Betaine, CAS# 107-43-7, also called betaine anhydrous, or trimethylglycine (TMG) — is a substance that’s made in the body. It’s involved in liver function, cellular reproduction, and helping make carnitine. It also helps the body metabolize an amino acid called homocysteine. The US Food and Drug Administration (FDA) approved betaine to treat a genetic condition where too much homocysteine builds up in the body.
|Loss on drying,%||≤2.0||≤2.0||≤2.0||≤2.0|
|Heavy metals Pb,%||≤0.001||≤0.001||≤0.001||≤0.001|
|anti-caking agent, %||0||2.0||4.0||6.0|
Studies suggest that betaine, along with vitamins B6, B12, and folic acid, helps reduce higher levels of homocysteine. Some studies show that high levels of homocysteine may encourage atherosclerosis (hardening of the arteries).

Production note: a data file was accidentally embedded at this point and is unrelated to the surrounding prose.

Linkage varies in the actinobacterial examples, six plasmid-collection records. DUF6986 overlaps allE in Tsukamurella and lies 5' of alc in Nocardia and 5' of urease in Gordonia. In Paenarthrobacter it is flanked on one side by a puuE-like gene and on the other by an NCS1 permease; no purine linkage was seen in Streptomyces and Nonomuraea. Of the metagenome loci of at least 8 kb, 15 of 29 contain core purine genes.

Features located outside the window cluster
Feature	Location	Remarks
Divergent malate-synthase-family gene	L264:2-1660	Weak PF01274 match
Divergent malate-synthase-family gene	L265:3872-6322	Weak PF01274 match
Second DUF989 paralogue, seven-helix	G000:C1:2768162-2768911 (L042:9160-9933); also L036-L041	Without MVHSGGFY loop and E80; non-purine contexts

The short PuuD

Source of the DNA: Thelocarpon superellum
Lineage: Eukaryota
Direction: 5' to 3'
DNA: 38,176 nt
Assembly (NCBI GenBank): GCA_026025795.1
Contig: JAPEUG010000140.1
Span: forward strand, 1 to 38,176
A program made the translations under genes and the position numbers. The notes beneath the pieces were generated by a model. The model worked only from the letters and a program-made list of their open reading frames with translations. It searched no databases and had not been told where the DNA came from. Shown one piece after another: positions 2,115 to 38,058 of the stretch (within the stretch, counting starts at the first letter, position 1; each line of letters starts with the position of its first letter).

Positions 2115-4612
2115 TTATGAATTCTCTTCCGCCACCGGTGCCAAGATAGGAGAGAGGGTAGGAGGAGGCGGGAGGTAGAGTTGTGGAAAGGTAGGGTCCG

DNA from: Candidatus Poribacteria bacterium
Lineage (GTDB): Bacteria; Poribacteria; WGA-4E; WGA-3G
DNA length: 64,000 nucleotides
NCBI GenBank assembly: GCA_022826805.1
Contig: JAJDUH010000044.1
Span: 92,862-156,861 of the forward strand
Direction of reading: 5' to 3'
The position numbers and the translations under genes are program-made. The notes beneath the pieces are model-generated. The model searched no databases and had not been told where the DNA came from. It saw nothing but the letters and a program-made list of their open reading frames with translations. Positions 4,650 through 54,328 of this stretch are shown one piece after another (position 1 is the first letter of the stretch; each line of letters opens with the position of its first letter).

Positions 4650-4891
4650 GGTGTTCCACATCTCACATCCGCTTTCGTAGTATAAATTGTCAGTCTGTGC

Betaine supplements may increase cholesterol levels, which could work against any treatment for heart disease. If you are at risk for heart disease, your doctor may test levels of homocysteine in your blood. Ask your doctor whether taking supplements of betaine, folic acid, and other B vitamins makes sense for you.
One study found that a toothpaste containing betaine helped relieve dry mouth.
One study found that higher betaine intake protects against lung cancer by minimizing the adverse effects of smoking. A second suggests that betaine intake may lower the risk of breast cancer.